In the months that followed, Gage returned to his parent's home in New Hampshire to recuperate. When Harlow saw Gage again the following year, the doctor noted that while Gage had lost vision in his eye and was left with obvious scars from the accident, he was in good physical health and appeared recovered.

Unable to return to his railroad job, Gage held a series of jobs including work in a livery stable, a stagecoach driver in Chile and farm work in California. Popular reports of Gage often depict him as a hardworking, pleasant man prior to the accident. Post-accident, these reports describe him as a changed man, suggesting that the injury had transformed him into a surly, aggressive drunkard who was unable to hold down a job.

The myths surround the effects of Gage's injury seem to have grown after his death, and many of these claims are not supported by any direct evidence from primary sources. Neither Harlow nor any others who had actual contact with Gage reported any of these behaviors. "Phineas' story is worth remembering because it illustrates how easily a small stock of facts becomes transformed into popular and scientific myth," explains psychologist Malcolm Macmillan, author of An Odd Kind of Fame: Stories of Phineas Gage.

So was Gage's personality as changed as some of the reports after his death have claimed? Recently, Macmillian has suggested that the most marked changes in Gage may have been limited to the period of time immediately after the accident. Evidence suggests that many of the supposed effects of the accident were exaggerated and that he was actually far more functional than previously reported.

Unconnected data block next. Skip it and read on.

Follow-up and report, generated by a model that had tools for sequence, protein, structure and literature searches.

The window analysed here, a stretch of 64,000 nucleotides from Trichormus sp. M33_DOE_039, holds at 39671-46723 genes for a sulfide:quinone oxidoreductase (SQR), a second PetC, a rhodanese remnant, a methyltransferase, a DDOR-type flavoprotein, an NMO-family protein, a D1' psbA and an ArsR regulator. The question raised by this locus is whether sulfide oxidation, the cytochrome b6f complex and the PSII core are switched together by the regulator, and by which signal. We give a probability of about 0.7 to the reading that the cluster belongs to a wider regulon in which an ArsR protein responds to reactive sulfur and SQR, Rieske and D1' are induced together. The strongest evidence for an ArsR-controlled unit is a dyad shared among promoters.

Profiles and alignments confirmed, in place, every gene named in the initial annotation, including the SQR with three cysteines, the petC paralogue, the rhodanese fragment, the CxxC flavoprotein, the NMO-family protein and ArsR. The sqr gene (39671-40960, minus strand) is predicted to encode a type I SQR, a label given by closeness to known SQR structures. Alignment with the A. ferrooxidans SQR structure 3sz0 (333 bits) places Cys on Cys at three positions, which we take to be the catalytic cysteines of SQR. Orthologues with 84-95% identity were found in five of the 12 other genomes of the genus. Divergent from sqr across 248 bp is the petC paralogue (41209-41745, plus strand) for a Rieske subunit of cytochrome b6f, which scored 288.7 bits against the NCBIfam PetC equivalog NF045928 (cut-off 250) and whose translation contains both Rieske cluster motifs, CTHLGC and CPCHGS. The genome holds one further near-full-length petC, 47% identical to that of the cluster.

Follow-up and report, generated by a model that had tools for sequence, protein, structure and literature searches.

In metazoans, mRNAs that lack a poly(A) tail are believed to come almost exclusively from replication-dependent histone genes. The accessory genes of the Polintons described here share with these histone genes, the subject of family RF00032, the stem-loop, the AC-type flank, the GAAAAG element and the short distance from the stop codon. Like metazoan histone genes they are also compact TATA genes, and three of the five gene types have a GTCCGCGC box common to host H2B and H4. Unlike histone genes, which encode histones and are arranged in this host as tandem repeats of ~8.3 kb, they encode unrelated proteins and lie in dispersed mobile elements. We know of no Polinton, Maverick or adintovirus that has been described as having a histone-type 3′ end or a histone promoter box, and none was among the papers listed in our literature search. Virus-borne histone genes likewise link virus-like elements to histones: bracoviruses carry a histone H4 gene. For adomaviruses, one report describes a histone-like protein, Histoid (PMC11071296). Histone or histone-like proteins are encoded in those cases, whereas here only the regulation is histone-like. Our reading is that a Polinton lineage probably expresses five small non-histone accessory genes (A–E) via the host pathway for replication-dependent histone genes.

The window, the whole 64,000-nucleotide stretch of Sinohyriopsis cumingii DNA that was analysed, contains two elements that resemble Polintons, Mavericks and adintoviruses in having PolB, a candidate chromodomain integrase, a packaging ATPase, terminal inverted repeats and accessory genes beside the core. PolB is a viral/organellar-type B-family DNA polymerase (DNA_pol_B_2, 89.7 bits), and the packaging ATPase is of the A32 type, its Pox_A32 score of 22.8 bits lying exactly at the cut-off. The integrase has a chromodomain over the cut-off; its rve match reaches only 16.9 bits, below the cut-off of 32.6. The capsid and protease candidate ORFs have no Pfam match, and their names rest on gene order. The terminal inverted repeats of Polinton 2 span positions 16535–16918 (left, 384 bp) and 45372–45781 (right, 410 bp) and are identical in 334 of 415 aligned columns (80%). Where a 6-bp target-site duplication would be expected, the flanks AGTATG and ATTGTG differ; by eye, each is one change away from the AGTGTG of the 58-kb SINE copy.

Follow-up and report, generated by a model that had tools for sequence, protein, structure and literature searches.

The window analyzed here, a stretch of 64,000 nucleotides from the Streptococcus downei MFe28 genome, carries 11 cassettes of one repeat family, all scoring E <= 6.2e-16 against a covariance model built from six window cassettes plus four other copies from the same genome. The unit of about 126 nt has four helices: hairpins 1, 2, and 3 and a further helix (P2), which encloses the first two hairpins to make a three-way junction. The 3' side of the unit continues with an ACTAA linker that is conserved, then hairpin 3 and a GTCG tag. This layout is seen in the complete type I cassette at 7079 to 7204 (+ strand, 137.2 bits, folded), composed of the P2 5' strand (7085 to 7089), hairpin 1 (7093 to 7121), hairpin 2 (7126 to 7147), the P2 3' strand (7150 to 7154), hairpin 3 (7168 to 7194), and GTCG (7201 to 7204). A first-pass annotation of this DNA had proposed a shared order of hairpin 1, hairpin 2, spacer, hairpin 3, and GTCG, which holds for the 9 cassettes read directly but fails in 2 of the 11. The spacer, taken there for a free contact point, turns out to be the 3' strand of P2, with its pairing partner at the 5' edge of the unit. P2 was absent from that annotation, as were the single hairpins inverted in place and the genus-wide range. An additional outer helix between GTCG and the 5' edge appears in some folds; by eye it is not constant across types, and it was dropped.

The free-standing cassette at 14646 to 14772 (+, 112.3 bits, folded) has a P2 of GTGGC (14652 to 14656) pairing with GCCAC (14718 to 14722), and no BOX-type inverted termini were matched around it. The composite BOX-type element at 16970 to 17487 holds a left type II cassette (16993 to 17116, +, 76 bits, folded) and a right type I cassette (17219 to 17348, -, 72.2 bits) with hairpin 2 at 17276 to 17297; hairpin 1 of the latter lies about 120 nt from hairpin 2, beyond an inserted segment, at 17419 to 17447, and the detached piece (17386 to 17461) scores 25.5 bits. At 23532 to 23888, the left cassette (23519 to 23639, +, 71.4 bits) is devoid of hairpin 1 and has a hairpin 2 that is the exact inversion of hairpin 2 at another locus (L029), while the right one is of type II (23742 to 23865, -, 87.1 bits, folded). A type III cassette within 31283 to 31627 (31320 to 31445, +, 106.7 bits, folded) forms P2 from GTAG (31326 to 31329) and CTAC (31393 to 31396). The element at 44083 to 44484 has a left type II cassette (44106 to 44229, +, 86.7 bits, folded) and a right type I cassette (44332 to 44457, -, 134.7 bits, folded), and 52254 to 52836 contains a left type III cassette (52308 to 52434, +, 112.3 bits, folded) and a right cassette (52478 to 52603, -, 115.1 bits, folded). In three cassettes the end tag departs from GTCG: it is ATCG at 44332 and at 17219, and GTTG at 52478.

Practical Tips for your 2014 Goals

01/23/14 | by Training Games | Categories: Play
By Melanie Tannenbaum | January 3, 2014

It's the 3rd day of 2014. Have you gotten started on your resolutions yet?

We've already discussed how to set good resolutions, and why telling Facebook about them might not be wise (unless you are thinking of this act in a very specific kind of way). But what about the actual process of trying to accomplish those resolutions? Are there any ways that you can make it feel easier to actually pursue your new, lofty goals?